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Mobile World Congress 2015

Mobile World Congress: Day 3 Recap

A look at key themes on Day 3 of Mobile World Congress:

THE BUSINESS OF BEING SOCIAL | There is another world behind social networks you should consider leveraging


On the facade, Twitter might be pumping out 6,000 tweets every second of every day. While this is going on, Twitter has been meticulously building a data archive of human thought. Like Twitter and other social networks, tech companies are able to build assets and let us know what the world is thinking about. They’re making purchase intent predictions and a providing insight on a ton of other marketing factors.

The next time you’re thinking of using a social platform in your marketing, take a second to think the back catalogue of typical actions being made by consumers. There are other types of data you can tap into outside of a clever CTA and a :15 second piece of video content.

WHEN CONTEXT BECOMES PERSONAL | A quick guide to harness contextual information to personalize consumer services

You have to think beyond online insights when it comes to discovering contextual info about consumers; 80% of their spend still occurs in the physical world! It might seem a little complex, but here is a quick guide that will make context more personal that uses mobile as a bridge:

  • Bring together the right technology. Physical venues can provide micro insights into specific user habits while macro insights (like gps) provides location and proximity.
  • Offer a compelling value proposition. Why should the consumer give you access to their data?
  • When you get their permission, you’ll need an analytics system to churn and form knowledge of insights to provide a more personal service.

WHAT’S YOUR OUTCOME? | Without a desired outcome for your business or your customer’s business, IOT in the B2B space is pointless


If you can’t tell your company or the business leaders of your customer’s business how you’ll use IOT to generate productivity or revenue generation, IOT is not a fit. And if you can’t guarantee these outcomes, you really shouldn’t be in the IOT space. The IOT B2B space is a bigger numbers game. You should have a problem you want to solve or desired outcome in mind before even thinking about B2B implementation. And you need to train your people to understand how to act upon the outcomes and knowledge formed by the data captured. People should be seen as sensors in your IOT B2B ecosystem.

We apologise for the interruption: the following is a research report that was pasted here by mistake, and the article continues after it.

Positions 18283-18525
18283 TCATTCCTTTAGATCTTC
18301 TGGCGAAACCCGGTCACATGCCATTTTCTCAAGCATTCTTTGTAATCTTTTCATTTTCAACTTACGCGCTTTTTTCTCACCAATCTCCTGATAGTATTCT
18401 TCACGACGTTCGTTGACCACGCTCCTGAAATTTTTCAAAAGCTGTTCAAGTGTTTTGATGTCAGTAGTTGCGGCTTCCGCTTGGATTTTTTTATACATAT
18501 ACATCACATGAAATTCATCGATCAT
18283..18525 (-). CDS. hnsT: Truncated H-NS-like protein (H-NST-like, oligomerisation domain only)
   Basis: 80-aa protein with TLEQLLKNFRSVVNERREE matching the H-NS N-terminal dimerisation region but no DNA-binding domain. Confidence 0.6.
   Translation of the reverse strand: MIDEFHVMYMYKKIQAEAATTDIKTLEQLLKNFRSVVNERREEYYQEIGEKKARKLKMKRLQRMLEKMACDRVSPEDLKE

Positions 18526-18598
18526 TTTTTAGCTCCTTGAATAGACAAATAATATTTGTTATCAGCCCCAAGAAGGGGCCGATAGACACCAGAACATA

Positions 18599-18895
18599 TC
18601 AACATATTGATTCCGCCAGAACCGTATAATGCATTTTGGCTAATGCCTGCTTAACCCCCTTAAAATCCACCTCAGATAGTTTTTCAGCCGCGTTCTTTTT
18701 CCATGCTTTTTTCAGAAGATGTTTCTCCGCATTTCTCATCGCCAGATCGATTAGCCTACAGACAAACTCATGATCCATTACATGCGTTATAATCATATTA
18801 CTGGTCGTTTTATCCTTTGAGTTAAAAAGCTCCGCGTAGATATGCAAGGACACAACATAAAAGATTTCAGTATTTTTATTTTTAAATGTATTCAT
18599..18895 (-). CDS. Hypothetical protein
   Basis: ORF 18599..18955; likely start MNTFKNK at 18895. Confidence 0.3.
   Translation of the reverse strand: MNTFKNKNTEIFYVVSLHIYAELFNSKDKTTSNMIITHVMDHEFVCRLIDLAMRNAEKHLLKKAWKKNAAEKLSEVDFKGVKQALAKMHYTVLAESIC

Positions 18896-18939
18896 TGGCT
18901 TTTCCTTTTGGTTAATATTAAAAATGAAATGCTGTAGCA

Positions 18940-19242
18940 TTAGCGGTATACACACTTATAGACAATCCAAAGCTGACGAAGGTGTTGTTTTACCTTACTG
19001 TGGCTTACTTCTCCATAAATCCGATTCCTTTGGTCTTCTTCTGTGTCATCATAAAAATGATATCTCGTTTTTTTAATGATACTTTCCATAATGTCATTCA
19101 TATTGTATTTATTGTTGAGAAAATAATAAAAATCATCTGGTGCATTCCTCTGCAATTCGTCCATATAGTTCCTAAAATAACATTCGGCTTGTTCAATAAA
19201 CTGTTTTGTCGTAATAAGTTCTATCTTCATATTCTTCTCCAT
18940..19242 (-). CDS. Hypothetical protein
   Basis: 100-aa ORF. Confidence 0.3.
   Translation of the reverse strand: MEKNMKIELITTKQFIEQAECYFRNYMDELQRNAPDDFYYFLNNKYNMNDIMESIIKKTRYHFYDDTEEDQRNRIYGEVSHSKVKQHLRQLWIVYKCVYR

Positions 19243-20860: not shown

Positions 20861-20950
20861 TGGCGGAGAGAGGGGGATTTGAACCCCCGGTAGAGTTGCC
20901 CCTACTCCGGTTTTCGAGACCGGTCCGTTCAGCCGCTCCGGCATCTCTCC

B2B UBIQUITY | Achieving success in the Internet of Things B2B space faces three requirements

There is a lot more scrutiny in the B2B space when it comes to the IOT. Every point along the industrial model and value chain is looked at, its costs analyzed. Here are three requirements recommended by Aegis you should take into consideration as you look into building and implementing an IOT B2B platform.

    • Scaled Internet Costs: All of these devices in your IOT B2B ecosystem come with the cost of internet interconnectivity. Your target should ideally be below <.05 cents to achieve scalability.
    • Business Model Flexibility: Your devices will be used by employees, sometimes outside of their intended use. How will you monitor? How will you split business and personal costs? All things need to be considered.
    • Operational Intelligence: Data can be sneaky. So you have to do a lot of optimization of your devices and system and assessment of data. When you’re churning large amounts of data and 35% of it is completely useless, those costs add up! One company found that 1% of their devices were flawed, which created 35% of unusable data.

THE PIPELINE | Big data carriers will always control one thing, the pipeline

Big carriers won’t die out (don’t worry, people said that about big agencies too). In fact, they’ve disrupted their own business models and a whole new service economy has been built upon the data pipeline, which they control. The pipeline provides consumers utility and generates data usage, which equates to dollar signs for this industry.

But how far will the carriers go? On one hand, they need to create value propositions to entice consumers to purchase their data plans, like a streaming entertainment partnership with HBO. But they don’t have the rich resources to create almost-flawless platforms like Netflix. So they’re looking at startups, businesses, and brands to create utilities that get users to consume data and become

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